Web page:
Multimodal conversation intelligence solutions (like RingCentral’s RingSense AI) can draw marketing data from across multiple channels, including social media, emails, chat, and more. This wide breadth of knowledge is key to gaining a holistic overview of customer sentiment, which helps marketing teams create effective campaigns based on what customers are really saying and track deals throughout the pipeline. AI-powered solutions can also quickly analyze the effectiveness of marketing campaigns, identifying what channels are working best, what messages are resonating with customers, and what can help drive growth.

Data Security

One of AI’s strengths is the ability to analyze and sort through a vast amount of data, which has proven very useful for data security. AI-powered security tools can quickly identify threats, such as unauthorized access attempts, malware, or even potential phishing scams, enabling teams to respond quickly.

AI is also helpful for identifying cybersecurity weaknesses, such as security flaws in updates or new systems. Should the worst happen, AI-powered security tools can provide detailed incident response and security alerts, as well as recommendations and reports regarding any breaches.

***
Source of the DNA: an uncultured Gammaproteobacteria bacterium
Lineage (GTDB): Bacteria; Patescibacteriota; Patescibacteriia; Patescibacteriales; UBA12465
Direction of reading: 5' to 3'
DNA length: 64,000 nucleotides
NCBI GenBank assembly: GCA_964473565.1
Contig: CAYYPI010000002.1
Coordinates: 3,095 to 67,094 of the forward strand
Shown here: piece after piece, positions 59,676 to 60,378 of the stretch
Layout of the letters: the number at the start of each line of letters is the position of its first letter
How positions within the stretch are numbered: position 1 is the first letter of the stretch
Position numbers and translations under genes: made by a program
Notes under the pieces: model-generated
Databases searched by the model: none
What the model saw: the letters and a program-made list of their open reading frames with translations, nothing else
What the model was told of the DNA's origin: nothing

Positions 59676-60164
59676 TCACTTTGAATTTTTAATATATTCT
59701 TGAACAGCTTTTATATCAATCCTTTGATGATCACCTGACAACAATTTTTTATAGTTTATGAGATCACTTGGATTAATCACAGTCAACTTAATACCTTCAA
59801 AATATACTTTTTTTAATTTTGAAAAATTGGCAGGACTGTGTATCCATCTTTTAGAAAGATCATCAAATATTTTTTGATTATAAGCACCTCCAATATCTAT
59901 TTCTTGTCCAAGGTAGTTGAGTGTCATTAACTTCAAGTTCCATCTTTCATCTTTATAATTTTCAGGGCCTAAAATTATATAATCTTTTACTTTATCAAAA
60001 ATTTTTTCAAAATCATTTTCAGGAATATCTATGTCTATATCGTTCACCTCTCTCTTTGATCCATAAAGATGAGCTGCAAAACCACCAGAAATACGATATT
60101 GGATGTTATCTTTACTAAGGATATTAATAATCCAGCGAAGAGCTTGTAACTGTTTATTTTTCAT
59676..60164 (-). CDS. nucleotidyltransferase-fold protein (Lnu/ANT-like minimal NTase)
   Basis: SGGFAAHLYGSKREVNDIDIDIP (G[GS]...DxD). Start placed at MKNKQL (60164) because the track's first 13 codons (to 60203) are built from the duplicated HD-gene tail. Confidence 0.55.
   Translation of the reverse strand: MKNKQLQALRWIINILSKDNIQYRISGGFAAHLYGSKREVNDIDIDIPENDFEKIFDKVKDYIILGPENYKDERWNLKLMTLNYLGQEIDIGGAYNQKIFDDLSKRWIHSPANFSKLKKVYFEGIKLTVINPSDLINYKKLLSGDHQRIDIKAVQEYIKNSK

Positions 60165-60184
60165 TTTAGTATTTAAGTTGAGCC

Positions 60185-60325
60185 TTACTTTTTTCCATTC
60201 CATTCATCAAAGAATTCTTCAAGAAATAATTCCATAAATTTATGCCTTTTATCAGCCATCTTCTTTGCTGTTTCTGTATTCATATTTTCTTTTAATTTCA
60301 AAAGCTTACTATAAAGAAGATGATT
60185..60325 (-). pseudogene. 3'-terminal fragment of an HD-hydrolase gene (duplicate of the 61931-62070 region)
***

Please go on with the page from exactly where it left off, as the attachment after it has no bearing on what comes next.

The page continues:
Good AI-powered security should work alongside cybersecurity teams, providing analytics and proactive responses to potential threats so that the teams can stay on top of any looming dangers. This enables faster and more efficient responses, helping teams keep important data even more secure.

What’s Best for Your Business?

The AI technology your organization needs will depend greatly on your industry and specific challenges. Customer service centers have vastly different use cases from cybersecurity teams or marketing organizations, which means the tools and features that benefit one might not help another. However, there are still some AI features that see nearly universal use, especially where communication and collaboration are concerned.

AI has significant potential to improve daily work and efficiency, but it still needs to be used properly. AI works best when it’s used to help employees, rather than just deployed without a clear goal in mind simply because everyone else is using it. 

As such, when you’re looking at AI-powered platforms, be sure to consider your needs and what features will be most helpful to your teams. From there, you’ll be able to find the best AI tools that align with your use cases and can help your business gain the most benefits.

To learn more, read our paper, Navigating AI With RingCentral.



Originally published Jun 12, 2024